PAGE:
The plot revolves around Sam (Emraan Hashmi) and Mahi (Nikita Dutta), an interfaith married couple who are compelled to relocate from Mumbai to Mauritius due to a new career opportunity. Mahi is struggling to recover from a loss and wishes to begin a new life in a different country. New beginnings on the other hand, herald greater difficulties.
The wife goes shopping in order to give her new house a more traditional look. When she walks into an antique store, she notices an ancient box that dates back to the 16th century. She decides to open it because she is intrigued by its mystery, which results in the release of a nasty ghost. The box in question is a dybbuk (pronounced as dibuk). Dybbuk is a disembodied human soul that travels the earth until it finds a host, according to jewish legend. The home begins to experience mysterious happenings, and the only way out is through an exorcism. Will the pair be able to make it through?
An exquisitely carved wooden box occupies a prominent position in a majestic colonial mansion in Mauritius who’s new residents, a troubled couple from Mumbai, are searching for a fresh start. However, this is not the case. As Sam and Mahi arrive for work, a scowling lady approaches them and demands to be hired. Loud creaks and murmurs begin and cease, and things begin to go awry, dragging both Sam and Mahi into a dark mystery that appears to be based in the island’s jewish history.
Most of us are drawn to historic ruins, abandoned dwellings and the discovery of personal possessions that belonged to someone who has passed away. Call it our peculiar fascination with snooping about in other people’s lives but all of these items provide us with a window into the past. As a result, the act of individuals opening ancient mystery boxes is always entertaining to see. When you combine jewish mythology with the occult, you have the makings of a thriller. Did that happen here, though?
As the scenes with the priest unfold, we find that the home is haunted, an evil spirit is in the vicinity and a man/woman/child has been possessed by a bad spirit. Denzil Smith faithfully fulfils his responsibilities as the priest in question, and Manav Kaul appears as a hardworking rabbi, waving old ornaments in the air to frighten away the ghost. Amidst dogs barking to alert us that something is wrong with the world, the possibility of dead individuals hidden in cupboards arises.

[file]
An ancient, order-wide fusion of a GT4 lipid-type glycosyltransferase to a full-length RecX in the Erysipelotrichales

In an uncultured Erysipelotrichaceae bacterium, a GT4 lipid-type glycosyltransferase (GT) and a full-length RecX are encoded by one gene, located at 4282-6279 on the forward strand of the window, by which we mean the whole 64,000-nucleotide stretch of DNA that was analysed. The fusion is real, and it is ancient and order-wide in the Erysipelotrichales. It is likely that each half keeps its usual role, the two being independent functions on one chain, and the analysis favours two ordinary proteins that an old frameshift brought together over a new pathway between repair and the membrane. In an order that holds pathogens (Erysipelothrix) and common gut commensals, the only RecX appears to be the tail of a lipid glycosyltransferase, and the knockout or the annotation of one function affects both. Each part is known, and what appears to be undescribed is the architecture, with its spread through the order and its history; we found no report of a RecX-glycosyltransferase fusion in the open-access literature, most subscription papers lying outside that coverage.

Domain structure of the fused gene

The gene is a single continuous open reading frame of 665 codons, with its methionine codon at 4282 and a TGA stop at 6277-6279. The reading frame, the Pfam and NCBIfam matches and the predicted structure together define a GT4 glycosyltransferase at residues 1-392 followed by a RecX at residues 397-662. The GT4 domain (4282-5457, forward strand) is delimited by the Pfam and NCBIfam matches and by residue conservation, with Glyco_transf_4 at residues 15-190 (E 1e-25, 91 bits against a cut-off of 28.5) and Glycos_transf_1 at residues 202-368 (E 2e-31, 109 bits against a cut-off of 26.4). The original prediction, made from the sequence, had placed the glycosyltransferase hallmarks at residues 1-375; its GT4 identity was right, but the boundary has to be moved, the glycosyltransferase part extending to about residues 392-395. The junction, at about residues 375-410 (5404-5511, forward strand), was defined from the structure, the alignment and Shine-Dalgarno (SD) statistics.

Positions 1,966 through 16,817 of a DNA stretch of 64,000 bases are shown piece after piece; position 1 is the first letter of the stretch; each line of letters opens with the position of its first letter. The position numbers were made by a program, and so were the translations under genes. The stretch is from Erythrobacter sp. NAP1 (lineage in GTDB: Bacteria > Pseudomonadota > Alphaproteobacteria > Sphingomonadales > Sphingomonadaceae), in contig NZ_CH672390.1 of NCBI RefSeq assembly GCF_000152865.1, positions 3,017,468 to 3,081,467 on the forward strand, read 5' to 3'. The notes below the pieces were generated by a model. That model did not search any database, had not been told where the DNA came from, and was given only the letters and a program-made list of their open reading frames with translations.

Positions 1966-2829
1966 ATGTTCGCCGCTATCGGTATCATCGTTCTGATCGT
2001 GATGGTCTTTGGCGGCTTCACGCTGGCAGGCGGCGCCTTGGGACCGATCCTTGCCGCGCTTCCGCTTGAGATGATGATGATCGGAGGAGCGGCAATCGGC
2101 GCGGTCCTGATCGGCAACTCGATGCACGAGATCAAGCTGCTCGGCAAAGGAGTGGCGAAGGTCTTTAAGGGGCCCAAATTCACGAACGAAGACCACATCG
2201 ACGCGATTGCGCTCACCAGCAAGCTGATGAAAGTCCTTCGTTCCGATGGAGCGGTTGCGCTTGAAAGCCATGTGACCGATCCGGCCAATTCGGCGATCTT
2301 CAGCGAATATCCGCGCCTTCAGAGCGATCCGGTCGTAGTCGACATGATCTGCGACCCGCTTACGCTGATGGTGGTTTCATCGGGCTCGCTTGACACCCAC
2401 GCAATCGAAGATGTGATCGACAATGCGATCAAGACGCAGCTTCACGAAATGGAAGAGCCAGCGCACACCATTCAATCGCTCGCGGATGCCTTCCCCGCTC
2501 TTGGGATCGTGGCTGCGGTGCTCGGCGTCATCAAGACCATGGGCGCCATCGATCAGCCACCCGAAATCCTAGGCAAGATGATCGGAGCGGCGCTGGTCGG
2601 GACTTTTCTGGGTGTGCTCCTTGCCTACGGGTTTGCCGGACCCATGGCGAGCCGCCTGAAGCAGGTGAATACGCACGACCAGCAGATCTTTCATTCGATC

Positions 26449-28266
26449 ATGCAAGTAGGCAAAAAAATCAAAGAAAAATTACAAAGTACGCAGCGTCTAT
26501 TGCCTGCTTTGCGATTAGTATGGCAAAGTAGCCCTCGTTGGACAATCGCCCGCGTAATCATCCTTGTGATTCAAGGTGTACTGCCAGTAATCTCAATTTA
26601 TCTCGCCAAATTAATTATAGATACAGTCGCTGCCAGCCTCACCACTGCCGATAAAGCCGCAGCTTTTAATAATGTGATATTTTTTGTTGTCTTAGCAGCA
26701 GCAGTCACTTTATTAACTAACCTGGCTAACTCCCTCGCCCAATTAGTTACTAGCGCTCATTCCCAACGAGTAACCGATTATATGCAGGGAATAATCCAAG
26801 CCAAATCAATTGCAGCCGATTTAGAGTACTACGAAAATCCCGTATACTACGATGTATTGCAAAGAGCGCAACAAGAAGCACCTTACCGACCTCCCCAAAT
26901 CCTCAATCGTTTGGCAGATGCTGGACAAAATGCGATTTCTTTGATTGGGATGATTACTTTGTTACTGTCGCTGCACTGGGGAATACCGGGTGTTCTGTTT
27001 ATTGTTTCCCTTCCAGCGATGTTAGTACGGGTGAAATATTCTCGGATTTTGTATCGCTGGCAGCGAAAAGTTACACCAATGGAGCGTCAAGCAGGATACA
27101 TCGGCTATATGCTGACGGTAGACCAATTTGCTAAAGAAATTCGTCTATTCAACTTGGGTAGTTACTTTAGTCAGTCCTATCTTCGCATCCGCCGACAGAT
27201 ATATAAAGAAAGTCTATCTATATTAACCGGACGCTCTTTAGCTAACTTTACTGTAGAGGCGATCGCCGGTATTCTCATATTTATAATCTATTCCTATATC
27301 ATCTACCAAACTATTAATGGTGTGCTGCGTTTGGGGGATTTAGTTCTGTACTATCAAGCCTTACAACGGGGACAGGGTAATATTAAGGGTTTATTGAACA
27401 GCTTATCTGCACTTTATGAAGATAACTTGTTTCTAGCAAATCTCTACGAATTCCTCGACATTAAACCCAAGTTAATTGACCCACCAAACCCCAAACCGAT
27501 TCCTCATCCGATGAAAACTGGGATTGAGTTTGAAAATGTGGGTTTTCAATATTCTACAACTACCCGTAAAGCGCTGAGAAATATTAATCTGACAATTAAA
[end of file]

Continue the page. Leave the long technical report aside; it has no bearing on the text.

Dybbuk is the hindi remake of director Jay K’s debut Malayalam film Ezra, which was originally released in Malayalam. Thankfully, women are not objectified in this setting. There are no scenes in the shower or rushing about in revealing underwear. A huge sigh of relief! The plot moves smoothly and quickly throughout the novel. The jump scares are few and far between, and while this isn’t the conjuring, the effort put forth is commendable, nonetheless. Emraan Hashmi, Nikita Dutta and the rest of the cast are all excellent actors.
What do not work are the film’s banal energy and its inability to elicit a sense of mystery at every turn. The platitudinous tale stifles your desire to learn more about the world. Even the wandering spirit has a plan in place, and that seems absurd. You’re not as afraid as you’d want to be at this point. The film itself appears to be overjoyed by the fact that it is set in a Jewish setting.
Rabbis have taken the position of Christian priests and they are required to execute exorcisms. Various Jewish phrases are regularly spoken in passing as if this is some sort of beginner’s incomplete handbook to Jewish folklore.
The special effects are passable. I would like to give this a 2/5 star rating. Wouldn’t it be nice if there was some sort of surprise factor to this banal horror drama? Having an evil spirit with a narrative is good, but whether or not it can elicit terror is another story.